case law

(redirected from Decisional law)
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com·mon law

(kom'ŏn law)
A system of law based on custom, tradition, and court decisions rather than on written legislation.

case law

Opinions or decisions made by the courts.
See also: law
References in periodicals archive ?
Although such a view tends to slight state decisional law as dispositive evidence of the meaning of a state's common law, it is in rough harmony with Justice Story's later recognition in Swift v.
Relying on Arnes II, the taxpayers argued the transaction was tax-free under section 1041 and that the legal standard to apply was the primary and unconditional obligation standard established by the constructive dividend decisional law.
2) The preliminary ruling has a binding effect on the national courts, which in turn implement the decision into their own decisional law.
97-48's conditioning of nonretroactivity on disregard of decisional law has been criticized by practitioners and may be unprecedented.
Failing denial, PEARL asks the Court to remand the case to the District Court so that a full record can be developed, with a hearing or trial on the facts, so that the Court would be able to take into full account the facts and events that have transpired and the decisional law handed down since Felton.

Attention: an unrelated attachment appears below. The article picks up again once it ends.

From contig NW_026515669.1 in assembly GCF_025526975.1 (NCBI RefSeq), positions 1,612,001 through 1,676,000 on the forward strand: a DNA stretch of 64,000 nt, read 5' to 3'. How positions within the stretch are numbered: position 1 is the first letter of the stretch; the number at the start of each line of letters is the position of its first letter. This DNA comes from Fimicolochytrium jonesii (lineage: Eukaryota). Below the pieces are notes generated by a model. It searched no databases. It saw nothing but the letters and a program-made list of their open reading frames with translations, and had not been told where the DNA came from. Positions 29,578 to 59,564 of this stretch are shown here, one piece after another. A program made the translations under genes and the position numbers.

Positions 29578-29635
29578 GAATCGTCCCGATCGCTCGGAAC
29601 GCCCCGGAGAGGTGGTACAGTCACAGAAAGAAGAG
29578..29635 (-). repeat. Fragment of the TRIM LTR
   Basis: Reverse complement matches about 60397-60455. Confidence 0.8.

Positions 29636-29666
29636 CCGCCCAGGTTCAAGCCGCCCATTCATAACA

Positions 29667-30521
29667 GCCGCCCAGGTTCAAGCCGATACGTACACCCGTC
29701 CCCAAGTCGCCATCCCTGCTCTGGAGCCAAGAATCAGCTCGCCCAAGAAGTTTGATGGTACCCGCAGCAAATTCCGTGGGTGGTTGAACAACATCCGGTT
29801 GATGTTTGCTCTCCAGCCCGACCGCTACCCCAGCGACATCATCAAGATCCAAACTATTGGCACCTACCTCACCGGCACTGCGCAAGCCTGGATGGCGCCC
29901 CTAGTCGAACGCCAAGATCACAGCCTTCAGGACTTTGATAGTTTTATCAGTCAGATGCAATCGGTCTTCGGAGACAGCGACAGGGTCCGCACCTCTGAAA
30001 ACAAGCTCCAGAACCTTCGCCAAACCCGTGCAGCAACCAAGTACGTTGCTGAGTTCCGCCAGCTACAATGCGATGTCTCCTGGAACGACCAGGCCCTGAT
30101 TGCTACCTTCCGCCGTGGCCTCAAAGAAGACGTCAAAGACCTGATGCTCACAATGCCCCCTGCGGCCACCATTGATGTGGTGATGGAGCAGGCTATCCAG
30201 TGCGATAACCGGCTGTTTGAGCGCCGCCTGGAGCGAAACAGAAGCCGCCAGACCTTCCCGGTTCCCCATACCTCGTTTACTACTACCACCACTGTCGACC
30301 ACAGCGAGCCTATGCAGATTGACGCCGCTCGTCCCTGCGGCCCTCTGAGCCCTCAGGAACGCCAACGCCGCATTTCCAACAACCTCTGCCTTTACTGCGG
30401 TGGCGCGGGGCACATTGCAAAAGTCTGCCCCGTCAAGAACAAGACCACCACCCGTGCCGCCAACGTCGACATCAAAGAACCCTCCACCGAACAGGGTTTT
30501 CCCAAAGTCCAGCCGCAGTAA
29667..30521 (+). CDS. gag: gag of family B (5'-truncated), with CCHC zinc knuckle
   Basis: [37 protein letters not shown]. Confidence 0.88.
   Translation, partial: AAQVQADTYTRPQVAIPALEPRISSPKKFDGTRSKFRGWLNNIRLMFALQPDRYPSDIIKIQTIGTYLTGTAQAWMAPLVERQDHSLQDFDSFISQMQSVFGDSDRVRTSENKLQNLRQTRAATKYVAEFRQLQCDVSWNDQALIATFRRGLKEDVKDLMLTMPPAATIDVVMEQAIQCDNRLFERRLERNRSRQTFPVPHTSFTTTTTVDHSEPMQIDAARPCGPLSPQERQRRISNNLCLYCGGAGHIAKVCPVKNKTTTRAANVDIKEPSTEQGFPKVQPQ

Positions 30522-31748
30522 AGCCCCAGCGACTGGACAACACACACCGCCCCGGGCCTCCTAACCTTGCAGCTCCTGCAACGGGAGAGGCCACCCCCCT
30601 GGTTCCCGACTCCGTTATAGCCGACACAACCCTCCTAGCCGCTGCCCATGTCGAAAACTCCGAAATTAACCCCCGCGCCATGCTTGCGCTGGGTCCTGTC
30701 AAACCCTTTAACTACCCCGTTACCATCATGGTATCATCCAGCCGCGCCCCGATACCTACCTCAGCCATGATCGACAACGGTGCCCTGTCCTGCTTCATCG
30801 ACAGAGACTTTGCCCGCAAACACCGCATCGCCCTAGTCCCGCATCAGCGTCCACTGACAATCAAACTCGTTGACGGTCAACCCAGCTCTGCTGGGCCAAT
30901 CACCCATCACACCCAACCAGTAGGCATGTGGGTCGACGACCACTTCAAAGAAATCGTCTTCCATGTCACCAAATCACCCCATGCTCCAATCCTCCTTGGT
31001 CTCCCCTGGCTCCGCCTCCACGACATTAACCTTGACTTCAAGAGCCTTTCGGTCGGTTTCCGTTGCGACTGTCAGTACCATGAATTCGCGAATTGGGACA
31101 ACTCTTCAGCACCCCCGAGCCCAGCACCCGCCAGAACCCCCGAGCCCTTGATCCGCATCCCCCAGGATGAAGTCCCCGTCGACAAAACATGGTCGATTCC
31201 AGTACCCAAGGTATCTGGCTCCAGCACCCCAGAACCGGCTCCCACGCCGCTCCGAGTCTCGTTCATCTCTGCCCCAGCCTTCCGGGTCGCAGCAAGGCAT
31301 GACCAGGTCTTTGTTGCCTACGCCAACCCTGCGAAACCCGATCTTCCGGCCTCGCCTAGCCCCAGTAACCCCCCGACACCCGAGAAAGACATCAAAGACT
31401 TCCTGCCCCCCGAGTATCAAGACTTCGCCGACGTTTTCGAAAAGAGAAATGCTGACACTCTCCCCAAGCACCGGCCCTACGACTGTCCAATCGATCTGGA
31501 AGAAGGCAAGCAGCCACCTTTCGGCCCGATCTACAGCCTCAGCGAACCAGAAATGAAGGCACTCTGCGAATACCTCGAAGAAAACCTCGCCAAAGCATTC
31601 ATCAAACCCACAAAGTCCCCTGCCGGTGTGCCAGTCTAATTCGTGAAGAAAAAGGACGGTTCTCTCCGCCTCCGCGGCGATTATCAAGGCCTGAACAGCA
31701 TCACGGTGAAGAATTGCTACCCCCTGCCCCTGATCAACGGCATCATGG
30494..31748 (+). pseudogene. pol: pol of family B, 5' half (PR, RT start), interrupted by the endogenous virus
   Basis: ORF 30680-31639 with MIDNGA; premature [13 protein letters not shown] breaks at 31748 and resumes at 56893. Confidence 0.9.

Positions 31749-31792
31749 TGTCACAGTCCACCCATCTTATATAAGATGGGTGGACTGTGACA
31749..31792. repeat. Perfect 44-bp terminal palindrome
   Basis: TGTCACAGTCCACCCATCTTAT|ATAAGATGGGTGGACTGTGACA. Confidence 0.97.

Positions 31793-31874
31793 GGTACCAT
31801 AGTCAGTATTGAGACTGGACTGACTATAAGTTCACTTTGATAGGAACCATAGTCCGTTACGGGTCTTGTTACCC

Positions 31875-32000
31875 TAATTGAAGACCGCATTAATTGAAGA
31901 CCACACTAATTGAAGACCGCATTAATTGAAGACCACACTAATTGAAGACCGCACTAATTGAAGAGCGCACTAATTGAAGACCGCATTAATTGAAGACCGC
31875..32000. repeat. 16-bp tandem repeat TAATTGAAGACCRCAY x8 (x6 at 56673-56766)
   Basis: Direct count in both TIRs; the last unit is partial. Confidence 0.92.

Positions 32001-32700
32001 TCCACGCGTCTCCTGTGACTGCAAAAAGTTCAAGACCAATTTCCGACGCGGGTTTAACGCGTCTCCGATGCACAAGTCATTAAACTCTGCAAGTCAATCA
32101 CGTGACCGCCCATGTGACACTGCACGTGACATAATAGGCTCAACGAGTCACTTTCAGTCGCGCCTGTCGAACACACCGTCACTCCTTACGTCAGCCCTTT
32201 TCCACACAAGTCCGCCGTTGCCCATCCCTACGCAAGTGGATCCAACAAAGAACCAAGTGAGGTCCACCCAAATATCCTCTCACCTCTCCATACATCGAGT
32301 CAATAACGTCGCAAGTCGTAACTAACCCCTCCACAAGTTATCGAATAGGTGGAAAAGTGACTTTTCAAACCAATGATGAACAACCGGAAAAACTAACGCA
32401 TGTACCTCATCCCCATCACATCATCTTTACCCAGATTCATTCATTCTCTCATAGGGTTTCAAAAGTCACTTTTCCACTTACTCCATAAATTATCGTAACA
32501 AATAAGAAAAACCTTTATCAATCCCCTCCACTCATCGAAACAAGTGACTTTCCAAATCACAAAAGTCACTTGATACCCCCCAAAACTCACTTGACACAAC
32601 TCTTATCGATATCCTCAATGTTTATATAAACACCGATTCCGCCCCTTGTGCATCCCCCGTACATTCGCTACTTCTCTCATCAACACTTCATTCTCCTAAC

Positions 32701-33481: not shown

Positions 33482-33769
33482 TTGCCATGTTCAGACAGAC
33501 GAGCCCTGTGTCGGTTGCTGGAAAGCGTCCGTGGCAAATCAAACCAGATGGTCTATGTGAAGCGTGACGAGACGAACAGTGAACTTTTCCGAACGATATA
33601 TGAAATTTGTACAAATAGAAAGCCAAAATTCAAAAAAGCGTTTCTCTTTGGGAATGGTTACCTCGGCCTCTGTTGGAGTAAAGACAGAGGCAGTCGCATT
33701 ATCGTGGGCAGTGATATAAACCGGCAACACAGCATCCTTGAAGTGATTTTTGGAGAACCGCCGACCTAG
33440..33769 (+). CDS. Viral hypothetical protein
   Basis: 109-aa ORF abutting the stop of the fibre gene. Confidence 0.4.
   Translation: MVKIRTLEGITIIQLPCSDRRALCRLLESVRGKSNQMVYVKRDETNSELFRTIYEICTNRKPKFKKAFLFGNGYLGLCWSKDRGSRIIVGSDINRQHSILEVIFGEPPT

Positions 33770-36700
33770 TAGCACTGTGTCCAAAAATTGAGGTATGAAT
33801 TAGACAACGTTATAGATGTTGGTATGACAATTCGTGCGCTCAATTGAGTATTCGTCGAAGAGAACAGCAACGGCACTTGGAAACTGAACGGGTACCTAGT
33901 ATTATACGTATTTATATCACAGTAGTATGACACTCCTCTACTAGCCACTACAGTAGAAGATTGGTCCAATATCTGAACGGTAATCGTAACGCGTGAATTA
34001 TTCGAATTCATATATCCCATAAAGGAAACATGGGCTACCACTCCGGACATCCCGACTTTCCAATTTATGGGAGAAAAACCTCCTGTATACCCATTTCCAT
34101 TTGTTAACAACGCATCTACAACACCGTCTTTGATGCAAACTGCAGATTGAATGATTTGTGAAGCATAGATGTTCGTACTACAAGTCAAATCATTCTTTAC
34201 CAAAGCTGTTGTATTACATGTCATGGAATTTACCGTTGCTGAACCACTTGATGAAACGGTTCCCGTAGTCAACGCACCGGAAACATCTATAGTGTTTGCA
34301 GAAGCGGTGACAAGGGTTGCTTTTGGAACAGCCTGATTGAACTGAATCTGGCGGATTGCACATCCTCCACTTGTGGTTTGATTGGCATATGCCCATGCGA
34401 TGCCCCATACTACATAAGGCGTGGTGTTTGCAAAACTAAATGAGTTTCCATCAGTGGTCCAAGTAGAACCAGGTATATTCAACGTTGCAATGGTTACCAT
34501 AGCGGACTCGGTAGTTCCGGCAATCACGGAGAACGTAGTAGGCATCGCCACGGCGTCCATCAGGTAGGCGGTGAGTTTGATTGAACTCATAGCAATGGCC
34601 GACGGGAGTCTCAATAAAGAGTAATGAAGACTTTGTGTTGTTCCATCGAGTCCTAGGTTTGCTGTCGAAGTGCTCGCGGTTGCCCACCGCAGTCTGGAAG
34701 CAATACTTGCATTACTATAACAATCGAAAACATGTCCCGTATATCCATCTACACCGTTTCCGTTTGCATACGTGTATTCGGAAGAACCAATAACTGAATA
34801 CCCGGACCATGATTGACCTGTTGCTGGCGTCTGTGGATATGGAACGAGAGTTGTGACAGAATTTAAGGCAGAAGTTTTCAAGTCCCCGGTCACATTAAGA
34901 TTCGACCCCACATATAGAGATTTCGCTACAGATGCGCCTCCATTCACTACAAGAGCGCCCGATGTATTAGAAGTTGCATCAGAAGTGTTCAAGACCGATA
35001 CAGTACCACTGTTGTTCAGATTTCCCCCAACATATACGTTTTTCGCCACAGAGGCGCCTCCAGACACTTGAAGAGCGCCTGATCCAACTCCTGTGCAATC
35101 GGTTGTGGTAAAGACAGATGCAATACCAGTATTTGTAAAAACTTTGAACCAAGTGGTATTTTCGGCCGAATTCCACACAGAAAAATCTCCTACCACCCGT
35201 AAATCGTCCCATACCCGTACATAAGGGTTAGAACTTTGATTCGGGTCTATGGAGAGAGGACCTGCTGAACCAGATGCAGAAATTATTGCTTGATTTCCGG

Those rulings constitute the body of decisional law that now binds VA.
This tracks with the findings analyzing the published opinions and is evidence that the tide has turned in favor of defendants because of changes in the decisional law - not jurors' attitudes or law reform measures passed in the states.
The statutory and decisional law of most States is strongly influenced by Delaware law.
That instruction is rooted in Florida decisional law that "an acceptance is not valid, and thus is ineffective to form a contract, unless it is communicated to the offeror.
At its narrowest, the proposed theory is consonant with Erie but generalizes it, embracing federal as well as state law and statutory as well as decisional law in both state and federal courts.